As for an attractant, I have not tried this, but in my collection of old antique bee hunting boxes I found some bottles of anise oil- I guess that was used as bait for hunting bees back in the day. Might work as a swarm lure as well. I'll have to try that myself sometime and see if it works.

Cheers,

EKW
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« Reply #38 on: June 19, 2008, 02:25:19 PM »

I wouldn't use anise oil because it is the best attractant for  raccoons.  I have been useing it in my 16 yr old ADC business for a species specific bait.  Oh it also is one of the best lures for bears
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« Reply #39 on: June 19, 2008, 02:52:14 PM »

I'm a carpenter and joiner.  But, I don't make my swarm traps.  I use the styrofoam boxes that tropical fish are shipped in to pet stores.  Pop in a hole.  Lay in a few frames and presto!
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« Reply #40 on: June 21, 2008, 07:30:08 AM »

That old dark comb that you throw out is perhaps the best swarm lure of all, can put a lil lemongrass for good measure.


...JP
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« Reply #41 on: June 21, 2008, 08:37:28 AM »

Aw, come on JP, you're letting out all the secrets.

Off Topic:  BTW, I pulled out around 100 pounds of that old black stuff yesterday, about 150 pounds of new white stuff, and about six pounds of bees.  Those girls had swarmed themselves down real small.  I have two more calls in the same neighborhood.  Want to make odds on the genetic line of these girls?
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« Reply #42 on: June 21, 2008, 11:58:20 AM »

Aw, come on JP, you're letting out all the secrets.

Off Topic:  BTW, I pulled out around 100 pounds of that old black stuff yesterday, about 150 pounds of new white stuff, and about six pounds of bees.  Those girls had swarmed themselves down real small.  I have two more calls in the same neighborhood.  Want to make odds on the genetic line of these girls?

Its no secret, try putting some of that old black comb in a bait hive in your beeyard and see how the bees check it out, you'll probably get a swarm to move right in, maybe yours, or a feral one, but they like the dark goods for sure, like totally, like I turned valley right there, whoa, that was scary! Wink

Yeah, that one hive was probably supplying the entire area with bees.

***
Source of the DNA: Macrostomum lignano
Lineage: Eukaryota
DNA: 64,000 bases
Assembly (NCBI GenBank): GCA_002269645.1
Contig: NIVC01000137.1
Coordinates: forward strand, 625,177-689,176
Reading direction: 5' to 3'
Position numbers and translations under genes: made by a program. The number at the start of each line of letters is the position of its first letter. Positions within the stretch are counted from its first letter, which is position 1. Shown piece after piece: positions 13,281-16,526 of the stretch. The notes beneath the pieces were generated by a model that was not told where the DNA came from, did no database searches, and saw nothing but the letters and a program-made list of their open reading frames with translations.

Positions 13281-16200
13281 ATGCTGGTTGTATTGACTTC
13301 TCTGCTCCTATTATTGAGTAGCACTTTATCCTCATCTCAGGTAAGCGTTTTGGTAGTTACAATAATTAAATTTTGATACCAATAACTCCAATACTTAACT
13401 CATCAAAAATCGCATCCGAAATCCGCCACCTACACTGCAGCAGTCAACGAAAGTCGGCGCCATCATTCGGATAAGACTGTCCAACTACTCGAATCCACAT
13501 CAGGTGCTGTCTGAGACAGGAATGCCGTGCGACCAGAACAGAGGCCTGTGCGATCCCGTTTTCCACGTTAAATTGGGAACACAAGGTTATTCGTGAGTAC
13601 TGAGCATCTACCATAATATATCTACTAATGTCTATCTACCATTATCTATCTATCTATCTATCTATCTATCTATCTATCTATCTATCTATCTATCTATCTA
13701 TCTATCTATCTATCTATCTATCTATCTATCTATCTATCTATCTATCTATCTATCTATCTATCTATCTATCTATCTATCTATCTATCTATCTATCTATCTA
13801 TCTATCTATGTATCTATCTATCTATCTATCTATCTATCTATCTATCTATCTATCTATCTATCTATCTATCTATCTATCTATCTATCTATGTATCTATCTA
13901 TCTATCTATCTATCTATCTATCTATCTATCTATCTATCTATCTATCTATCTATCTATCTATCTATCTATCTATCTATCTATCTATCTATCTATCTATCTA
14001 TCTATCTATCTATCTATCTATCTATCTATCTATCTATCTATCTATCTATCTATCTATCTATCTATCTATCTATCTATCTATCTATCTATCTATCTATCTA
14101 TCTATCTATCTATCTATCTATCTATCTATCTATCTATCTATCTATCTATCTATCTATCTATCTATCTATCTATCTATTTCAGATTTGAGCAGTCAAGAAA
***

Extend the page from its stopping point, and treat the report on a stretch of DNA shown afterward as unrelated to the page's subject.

...JP
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« Reply #43 on: April 13, 2009, 11:08:03 AM »

I've been getting a lot of requests for more details on the sonatube swarm trap.  So here are a few more pictures and comments.

Here is one after bringing it home.  This particular swarm was in the trap for about a month.  The cardboard became soft from the moisture and the bees had chewed a hole in the sonatube below the entrance.   It did not get soft from the weather (outside was sealed) but from the moisture inside the hive.





Since the frames had shifted to one side, the bess had built comb on the cardboard, and the trap was toast anyway, I decided the best method to get them out was cut open the sonatube.



One interesting thing, was that although I had sprayed the frames with Bt and the swarm was strong,  there was wax moth larvae living in the debris on the bottom.  You can also see where the bees where chewing the cardboard.



So my take on the sonatube traps are unless you are very timely with your inspection and remove them quickly, consider them a 1 use trap.

I have come up with a more economical ($2-3), hopefully more durable, and perhaps better,  design but don't have it documented well enough to share at this point. Wink

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"Opportunity is missed by most people because it comes dressed in overalls and looks like work." - Thomas Edison


danno
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Gender: Male
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Location: Ludington, Michigan


« Reply #44 on: April 13, 2009, 12:57:50 PM »

Mine got soft last year also.  I left the swarms in them for a extra week so they would start raising brood.  This year I am going to try painting the inside with wax.  I have a few hundred plastic frames to paint so the wax will be hot.  Even if they are one time use the ends can be reused.  Thats where most of the construction labor is